Bear problems? What bear problems?
In The Aspen Times of Sunday, Aug. 21, an article written by Andre Salvail made a statement about “problematic bears” in certain neighborhoods, among them my own, McSkimming Road. I know of no problems with bears on my short street and when I checked with the police and sheriff departments for further details, they had no record of any bear problems here either.
I wonder on what Mr. Salvail based his report. False information such as this builds a degree of fear in the public, something the media is prone to enjoy, though I trust and hope that the Aspen newspapers are above that.
We do have a young bear in this neighborhood but he certainly cannot in any way be called a problem. On the contrary, he is very well behaved, eating only his natural food (the service berries) and doing so mostly during the night. To the best of my knowledge, I and all my neighbors are responsible citizens and follow the guidelines to not feed bears, to handle our trash responsibly, and not encourage familiarity. However, when they simply eat their natural food and do so when nobody is around to be bothered, it’s not true to call them a problem.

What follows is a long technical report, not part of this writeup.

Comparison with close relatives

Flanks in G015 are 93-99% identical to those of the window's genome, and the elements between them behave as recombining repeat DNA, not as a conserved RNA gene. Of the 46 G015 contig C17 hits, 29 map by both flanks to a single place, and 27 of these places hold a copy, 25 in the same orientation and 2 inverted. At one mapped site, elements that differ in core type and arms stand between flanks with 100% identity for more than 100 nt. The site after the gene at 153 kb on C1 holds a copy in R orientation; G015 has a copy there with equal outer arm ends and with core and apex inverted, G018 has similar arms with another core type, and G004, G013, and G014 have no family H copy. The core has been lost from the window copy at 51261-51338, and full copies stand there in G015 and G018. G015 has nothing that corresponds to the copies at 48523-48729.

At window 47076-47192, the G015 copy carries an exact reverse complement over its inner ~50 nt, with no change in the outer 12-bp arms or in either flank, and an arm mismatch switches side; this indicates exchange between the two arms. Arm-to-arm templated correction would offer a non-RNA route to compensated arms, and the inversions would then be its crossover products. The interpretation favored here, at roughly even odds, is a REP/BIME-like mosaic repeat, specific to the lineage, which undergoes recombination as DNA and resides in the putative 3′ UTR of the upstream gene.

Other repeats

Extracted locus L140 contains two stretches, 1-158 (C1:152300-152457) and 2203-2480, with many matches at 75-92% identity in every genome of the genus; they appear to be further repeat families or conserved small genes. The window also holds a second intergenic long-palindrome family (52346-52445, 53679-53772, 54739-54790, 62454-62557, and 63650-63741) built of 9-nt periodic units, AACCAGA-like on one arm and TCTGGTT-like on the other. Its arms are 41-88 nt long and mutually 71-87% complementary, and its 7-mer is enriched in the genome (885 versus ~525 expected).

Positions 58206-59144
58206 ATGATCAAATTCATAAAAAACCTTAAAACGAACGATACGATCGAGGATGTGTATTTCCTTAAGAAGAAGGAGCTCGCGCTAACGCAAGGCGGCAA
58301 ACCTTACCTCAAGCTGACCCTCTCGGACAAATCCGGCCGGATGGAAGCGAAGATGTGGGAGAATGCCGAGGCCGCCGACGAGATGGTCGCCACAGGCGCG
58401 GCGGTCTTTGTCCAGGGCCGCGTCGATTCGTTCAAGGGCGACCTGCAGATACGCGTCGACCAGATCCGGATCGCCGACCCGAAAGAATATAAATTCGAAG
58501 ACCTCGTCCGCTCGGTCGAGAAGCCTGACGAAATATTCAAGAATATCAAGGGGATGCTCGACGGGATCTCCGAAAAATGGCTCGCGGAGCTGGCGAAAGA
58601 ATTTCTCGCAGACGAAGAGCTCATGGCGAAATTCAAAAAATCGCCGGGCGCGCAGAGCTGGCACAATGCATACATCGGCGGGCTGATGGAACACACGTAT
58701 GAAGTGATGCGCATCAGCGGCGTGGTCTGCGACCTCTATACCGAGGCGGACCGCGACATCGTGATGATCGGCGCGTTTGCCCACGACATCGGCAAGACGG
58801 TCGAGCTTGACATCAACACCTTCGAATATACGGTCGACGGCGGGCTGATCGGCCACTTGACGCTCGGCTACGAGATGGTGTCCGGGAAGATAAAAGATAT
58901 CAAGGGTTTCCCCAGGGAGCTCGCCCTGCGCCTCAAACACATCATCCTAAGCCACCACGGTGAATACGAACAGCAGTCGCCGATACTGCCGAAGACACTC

I have made a conscious choice to live in this area of incredible natural beauty, a beauty that is not a static still life but a living, moving tableau teeming with wildlife. Just as in a trip to Kenya we were warned to respect the wildlife while visiting their territory, so too we must recognize that this land is not just our land but that we share it with many other creatures. I feel blessed and honored to do so and to catch sight of them sometimes.
Certainly there is a tiny percentage of “bad” bears (usually sick and hungry) that create problems and have to be removed for the safety of humans, but most bears are gentle, peaceful, shy creatures. If we don’t like the “wild” in the wildlife of nature, we can move to cities where it’s only “bad” people we may have to contend with.
Let’s be careful not to call something a problem unless it really is a problem.
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The future of the Aspen-Pitkin County airport took a significant step forward Thursday. Pitkin County commissioners decided 4-1 to accept the recommendation of a community-based committee and leave the runway where it is, a bedrock decision in the long process toward a new terminal and airfield.